3.7. Ammonia and Brain Energy Metabolism

Another cause of HE may be dysfunction of neurons as a result of abnormal interactions between neurons and astrocytes and impairment of brain energy metabolism [65, 67]. Ammonia modifies transport of nitric oxide precursors, arginine, and ornithine (amino acids binding ammonia) across the blood brain barrier and affects the transport of energy substrate for brain, creatine, and glucose [25].

Cerebral energy metabolism and the synthesis of Gln depend on glucose supply to the brain, and the functional activity of the brain depends on the degree of glucose utilization [73]. Changes of glucose utilization in the brain were noticed in patients with liver cirrhosis: reduction in the cerebral cortex and increase in the basal ganglia and cerebellum, that could be responsible for cognitive dysfunction [74, 75].

Yazgan et al. reported significant reduction in blood flow through the thalamus and increase the flow through the frontal lobes of patients with cirrhosis compared with the healthy volunteers [76]. Another study described redistribution of blood flow from the cerebral cortex to subcortical areas in patients with liver cirrhosis [75]. Studies using magnetic resonance imaging showed an increase in cerebral blood flow and reduce the average flow time in the basal ganglia and the thalamus in patients with MHE, which is consistent with the concept of redistribution of blood from the cortex to the basal ganglia [27].

The results of research on the role of the local blood flow in the development of MHE are inconclusive.

3.8. Neurotoxic Effects of Manganese

There was also noticed accumulation of toxins in the brain, including manganese, which deposition in the basal ganglia might be the cause of hyperintense signals on T1-images in magnetic resonance imaging (MRI) [7779]. In patients with liver cirrhosis who have portocaval anastomosis or TIPS hyperintense signals in the globus pallidus (88% of patients) as well as increase serum manganese concentration (67% of patients), and the extrapyramidal symptoms such as tremor, rigidity, and akinesia (89% of patients) were noticed [80]. Disturbances of manganese and other minerals homeostasis may account for the cognitive impairment associated with liver cirrhosis [8183].

Kulisevsky et al. in brain MRI of patients with liver cirrhosis apart from increased signals in the globus pallidus found also brain atrophy, which did not correlate neither with the patients' age nor the disease duration and the number of points in the Child-Pugh score [84]. The positive correlation between the degree of brain atrophy and the level of ammonia was noticed [84]. A case of a patient with 23-year history of portocaval anastomosis (PCA) made after the second bleeding from esophageal varices was described. For 12 years, he had intense neuropsychiatric disorders and progressive degeneration of the brain in the course of 12 years of HE, with significant withdrawal after liver transplantation; therefore, these conditions should not be a contraindication for liver transplantation [85].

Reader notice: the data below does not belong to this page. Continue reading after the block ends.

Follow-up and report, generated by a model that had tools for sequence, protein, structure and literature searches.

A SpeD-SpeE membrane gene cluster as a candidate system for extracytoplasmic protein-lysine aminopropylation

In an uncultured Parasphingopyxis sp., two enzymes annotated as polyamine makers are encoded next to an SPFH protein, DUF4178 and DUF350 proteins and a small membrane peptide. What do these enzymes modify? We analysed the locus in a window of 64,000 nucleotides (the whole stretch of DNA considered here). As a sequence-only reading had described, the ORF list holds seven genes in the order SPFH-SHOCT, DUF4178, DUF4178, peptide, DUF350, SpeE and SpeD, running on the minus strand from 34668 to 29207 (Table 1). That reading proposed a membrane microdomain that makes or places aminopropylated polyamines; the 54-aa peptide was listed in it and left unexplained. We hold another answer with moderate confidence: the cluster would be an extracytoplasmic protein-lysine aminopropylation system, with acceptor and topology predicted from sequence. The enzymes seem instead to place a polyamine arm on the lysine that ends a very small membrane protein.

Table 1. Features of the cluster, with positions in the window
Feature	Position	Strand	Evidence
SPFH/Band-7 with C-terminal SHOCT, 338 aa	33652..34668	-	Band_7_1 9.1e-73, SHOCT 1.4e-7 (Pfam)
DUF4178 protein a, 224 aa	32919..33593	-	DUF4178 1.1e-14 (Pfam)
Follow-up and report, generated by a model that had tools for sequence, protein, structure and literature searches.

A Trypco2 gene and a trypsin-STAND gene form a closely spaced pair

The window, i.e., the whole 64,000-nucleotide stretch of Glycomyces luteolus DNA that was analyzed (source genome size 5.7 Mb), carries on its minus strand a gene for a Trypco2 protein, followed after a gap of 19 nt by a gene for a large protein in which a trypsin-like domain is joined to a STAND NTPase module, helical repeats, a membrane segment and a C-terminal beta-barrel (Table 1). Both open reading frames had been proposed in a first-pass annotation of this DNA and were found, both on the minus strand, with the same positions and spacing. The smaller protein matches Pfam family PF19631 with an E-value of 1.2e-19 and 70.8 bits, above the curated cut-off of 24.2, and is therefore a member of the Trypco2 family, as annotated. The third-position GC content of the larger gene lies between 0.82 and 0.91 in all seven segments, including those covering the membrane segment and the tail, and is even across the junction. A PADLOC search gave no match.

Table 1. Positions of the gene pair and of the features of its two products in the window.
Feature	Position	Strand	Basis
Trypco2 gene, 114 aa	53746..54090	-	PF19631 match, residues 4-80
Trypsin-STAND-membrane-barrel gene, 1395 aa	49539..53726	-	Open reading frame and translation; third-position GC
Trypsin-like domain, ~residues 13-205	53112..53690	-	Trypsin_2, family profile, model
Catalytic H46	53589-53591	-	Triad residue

3.9. Small Intestinal Bacterial Overgrowth (SIBO) in the Development of Hepatic Encephalopathy

Recently the role of SIBO in the development of MHE has been emphasized [86, 87].

Gupta et al. study demonstrated a high prevalence of SIBO in patients with MHE (38.6%), giving evidence for the prokinetics, nonabsorbable antibiotics and probiotics therapeutic use [86].

Jun et al. found a very high prevalence of SIBO (81.3%) in patients with liver cirrhosis and ascites, which may suggest that SIBO may be a high risk factor for bacterial translocation in patients with ascites [87].

4. Conclusion

The pathogenesis of HE is complex and so far none of the proposed hypotheses emphasize the role of hyperammonemia and inflammation, and the role of proinflammatory cytokines, impaired neurotransmission, false neurotransmitters, oxidative stress, changes in cerebral blood flow, or brain energy metabolism does not completely explain all associated phenomena.

The results of research from last several years show the key role of blood-brain barrier in the development of HE-related disorders, but most of these are animal studies. Therefore, it is necessary to develop some modern diagnostic methods that allow the assessment of human brain metabolism.

Better understanding of the encephalopathy pathogenesis in patients with acute and chronic liver insufficiency, early diagnosis of MHE, and new therapies based on this knowledge would prevent the development of overt encephalopathy and neuropsychiatric disorders.

Conflict of Interests

The authors declare that they have no conflict of interests.